Jennifer Lackey challenges the sufficiency version of the knowledge-action principle, viz., that knowledge that p is sufficient to rationally act on p, by proposing a set of alleged counterexamples. Her aim is not only to attack the knowledge-action principle, but also to undermine an argument for subject-sensitive invariantism. Lackey holds that her examples are counterexamples to the sufficiency version of the knowledge-action principle because (a) S knows the proposition in question, but (b) it is not rational for S to act on it. In this paper, first, I argue against (a) on intuitive and on theoretical grounds. Second, I point out that (b), even if combined with (a), is not sufficient to make for counterexamples to the knowledge-action principle of the relevant kind. Third, I offer two alternative explanations of the intuition Lackey relies on. If either one of them is right, (b) may not be satisfied in her examples.
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There is more than one argument for SSI. Many regard the argument from the knowledge-action principle as the main one.
Lackey (2011), in much the same way, challenges the sufficiency version of the knowledge norm of assertion—the principle that states, roughly, that if S knows that p, then it is permissible for S to assert that p. Some of my arguments against Lackey’s alleged counterexamples to the knowledge-action principle, mutatis mutandis, work against those to the knowledge norm of assertion, but my main focus here is on the knowledge-action principle. Note that the knowledge-action principle and the knowledge norm of assertion are different principles, and usually need to be defended or objected to on different grounds. I agree with Brown (2012a) that they bear no straightforward relation to each other.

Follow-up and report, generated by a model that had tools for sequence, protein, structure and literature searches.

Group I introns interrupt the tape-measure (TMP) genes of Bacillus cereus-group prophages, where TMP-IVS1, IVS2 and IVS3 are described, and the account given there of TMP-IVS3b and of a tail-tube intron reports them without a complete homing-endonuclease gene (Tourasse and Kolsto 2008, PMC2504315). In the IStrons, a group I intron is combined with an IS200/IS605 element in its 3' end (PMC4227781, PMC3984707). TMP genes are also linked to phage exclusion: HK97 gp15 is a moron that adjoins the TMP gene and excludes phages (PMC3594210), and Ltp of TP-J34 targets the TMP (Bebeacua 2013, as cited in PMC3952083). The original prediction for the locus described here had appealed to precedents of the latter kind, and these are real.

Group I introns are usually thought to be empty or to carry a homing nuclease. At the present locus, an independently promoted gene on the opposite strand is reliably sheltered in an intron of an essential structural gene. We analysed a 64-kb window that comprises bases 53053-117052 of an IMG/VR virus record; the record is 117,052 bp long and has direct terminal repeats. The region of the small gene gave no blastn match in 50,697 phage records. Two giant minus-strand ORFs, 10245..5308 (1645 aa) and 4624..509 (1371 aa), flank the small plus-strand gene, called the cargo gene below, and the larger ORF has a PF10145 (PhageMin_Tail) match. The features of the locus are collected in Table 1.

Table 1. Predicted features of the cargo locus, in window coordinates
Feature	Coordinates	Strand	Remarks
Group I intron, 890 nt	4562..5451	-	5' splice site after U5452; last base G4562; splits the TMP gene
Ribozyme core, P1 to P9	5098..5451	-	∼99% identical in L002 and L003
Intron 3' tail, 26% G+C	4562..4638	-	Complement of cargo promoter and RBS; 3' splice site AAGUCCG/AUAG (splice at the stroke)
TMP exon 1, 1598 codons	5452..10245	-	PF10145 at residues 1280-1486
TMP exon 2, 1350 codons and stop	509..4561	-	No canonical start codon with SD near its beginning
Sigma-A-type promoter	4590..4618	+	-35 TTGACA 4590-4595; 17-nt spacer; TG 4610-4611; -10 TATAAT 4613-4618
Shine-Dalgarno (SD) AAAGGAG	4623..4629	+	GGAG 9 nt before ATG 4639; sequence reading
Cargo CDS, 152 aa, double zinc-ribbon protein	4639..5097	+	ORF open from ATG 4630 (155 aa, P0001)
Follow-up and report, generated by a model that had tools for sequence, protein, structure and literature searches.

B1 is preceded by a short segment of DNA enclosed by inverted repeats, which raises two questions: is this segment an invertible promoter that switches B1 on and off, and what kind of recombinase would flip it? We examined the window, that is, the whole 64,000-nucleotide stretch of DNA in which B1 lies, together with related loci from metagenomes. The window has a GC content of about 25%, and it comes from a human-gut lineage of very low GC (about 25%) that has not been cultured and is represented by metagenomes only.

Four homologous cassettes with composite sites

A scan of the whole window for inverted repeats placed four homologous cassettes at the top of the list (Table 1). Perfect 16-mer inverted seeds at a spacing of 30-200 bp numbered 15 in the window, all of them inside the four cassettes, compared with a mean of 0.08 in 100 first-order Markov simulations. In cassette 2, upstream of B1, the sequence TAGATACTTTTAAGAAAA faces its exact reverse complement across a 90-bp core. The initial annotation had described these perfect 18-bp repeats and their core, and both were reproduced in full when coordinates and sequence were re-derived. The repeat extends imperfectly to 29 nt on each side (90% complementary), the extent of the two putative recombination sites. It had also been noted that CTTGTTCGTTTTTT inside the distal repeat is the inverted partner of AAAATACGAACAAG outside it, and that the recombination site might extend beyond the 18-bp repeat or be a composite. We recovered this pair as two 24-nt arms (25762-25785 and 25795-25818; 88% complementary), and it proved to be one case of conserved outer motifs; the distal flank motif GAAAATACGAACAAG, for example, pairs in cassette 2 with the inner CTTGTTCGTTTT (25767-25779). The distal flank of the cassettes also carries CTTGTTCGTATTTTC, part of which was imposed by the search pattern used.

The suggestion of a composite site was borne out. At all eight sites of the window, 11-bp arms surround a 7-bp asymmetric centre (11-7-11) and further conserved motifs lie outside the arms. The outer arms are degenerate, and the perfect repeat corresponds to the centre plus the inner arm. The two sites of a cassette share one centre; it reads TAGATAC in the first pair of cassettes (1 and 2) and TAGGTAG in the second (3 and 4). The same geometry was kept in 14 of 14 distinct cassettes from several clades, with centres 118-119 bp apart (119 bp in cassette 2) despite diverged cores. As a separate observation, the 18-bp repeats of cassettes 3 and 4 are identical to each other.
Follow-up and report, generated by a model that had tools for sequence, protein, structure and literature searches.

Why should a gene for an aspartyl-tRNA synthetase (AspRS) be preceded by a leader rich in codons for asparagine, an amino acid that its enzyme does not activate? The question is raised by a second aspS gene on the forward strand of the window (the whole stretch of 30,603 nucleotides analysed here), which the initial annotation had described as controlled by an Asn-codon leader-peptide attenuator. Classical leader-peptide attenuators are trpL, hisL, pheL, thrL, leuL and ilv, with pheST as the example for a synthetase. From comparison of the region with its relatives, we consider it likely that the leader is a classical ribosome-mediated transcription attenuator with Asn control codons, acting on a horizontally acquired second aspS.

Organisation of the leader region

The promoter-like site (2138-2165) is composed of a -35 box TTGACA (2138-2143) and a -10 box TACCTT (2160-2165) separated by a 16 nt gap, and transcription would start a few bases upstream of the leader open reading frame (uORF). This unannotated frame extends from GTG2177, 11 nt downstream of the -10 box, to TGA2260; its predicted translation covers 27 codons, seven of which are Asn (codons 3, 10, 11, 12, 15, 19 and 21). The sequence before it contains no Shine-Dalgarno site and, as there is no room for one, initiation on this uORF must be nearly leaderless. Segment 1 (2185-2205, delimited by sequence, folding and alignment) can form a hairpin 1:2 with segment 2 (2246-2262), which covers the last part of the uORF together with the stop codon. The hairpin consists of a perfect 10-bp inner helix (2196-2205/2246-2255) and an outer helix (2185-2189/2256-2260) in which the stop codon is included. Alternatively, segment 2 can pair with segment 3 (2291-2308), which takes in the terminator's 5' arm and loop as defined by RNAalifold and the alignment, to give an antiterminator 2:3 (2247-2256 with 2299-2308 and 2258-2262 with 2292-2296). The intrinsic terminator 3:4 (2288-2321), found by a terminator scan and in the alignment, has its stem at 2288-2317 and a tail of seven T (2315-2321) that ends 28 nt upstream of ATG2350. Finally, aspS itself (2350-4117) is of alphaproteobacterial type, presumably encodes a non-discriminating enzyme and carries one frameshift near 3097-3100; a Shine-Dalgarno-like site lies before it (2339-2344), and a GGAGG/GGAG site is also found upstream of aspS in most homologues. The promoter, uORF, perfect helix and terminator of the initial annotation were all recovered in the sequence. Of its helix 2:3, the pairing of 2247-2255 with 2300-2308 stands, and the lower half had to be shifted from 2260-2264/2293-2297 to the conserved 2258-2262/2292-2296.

If anti-Gettiering conditions are not responsible for the strength of S’s epistemic position, it can be added (iv) that S is not Gettiered. Adding (iv) will make the relations between different senses of ‘epistemic’ discussed below more complex.
Stanley (2005, pp. 1–3) attributes this thrust to purism.
A way to maintain both the knowledge-action principle and purism about knowledge is to espouse infallibilism about knowledge. Infallibilism about knowledge arguably entails global skepticism, viz., that the epistemic standard is always that relative to which, for any S and p, S’s epistemic position regarding p is too weak to be good enough for knowledge. The knowledge-action principle, then, is trivially true because its antecedent is false. For more on the relation between SSI and skepticism, see Fantl and McGrath (2009).
On Fantl and McGrath’s definition, p being warranted enough to justify means that the weakness of S’s epistemic position with regard to p does not prevent p from being a justifier. It is, then, possible that p, even if warranted enough to justify φ-ing, fails to be a justifier for it, e.g., because p has no inferential relation to φ-ing (I discuss this point in more detail in Section 5). Throughout the paper, I follow this definition and apply it to other similar locutions, such as ‘warrant or epistemic position is strong enough.’
Although the knowledge-action principle, whether SSI-friendly or not, is formulated differently, and their differences are not marginal, I ignore most of them in much of the paper. This is because Lackey’s aim is not to attack the details of particular formulations of the knowledge-action principle. The only difference that is crucial for my purposes is between SSI-friendly formulations and others. I aim to defend the former from Lackey’s alleged counterexamples. Ichikawa (2012) defends the latter from many alleged counterexamples including Lackey’s. Ichikawa’s point is not incompatible with mine. Although he does not put his point this way, his main idea can be easily modified as follows: Lackey’s and others’ putative counterexamples to the knowledge-action principle are consistent with the possibility that S’s epistemic position regarding p is strong enough for S to justify or rationalize the action S does, but the degree of justification or rationalization p confers on the action is weak. This possibility remains because p may not be a good enough reason to justify or rationalize S’s particular action. I pursue a different line of response, since the relevant propositions in the putative counterexamples seem to be good enough reasons for what S does therein; though I agree with Ichikawa that to settle what interpretation of the examples is correct, there needs to be a principle determining what counts as good reason for what. I thank Jonathan Jenkins Ichikawa for helpful discussion.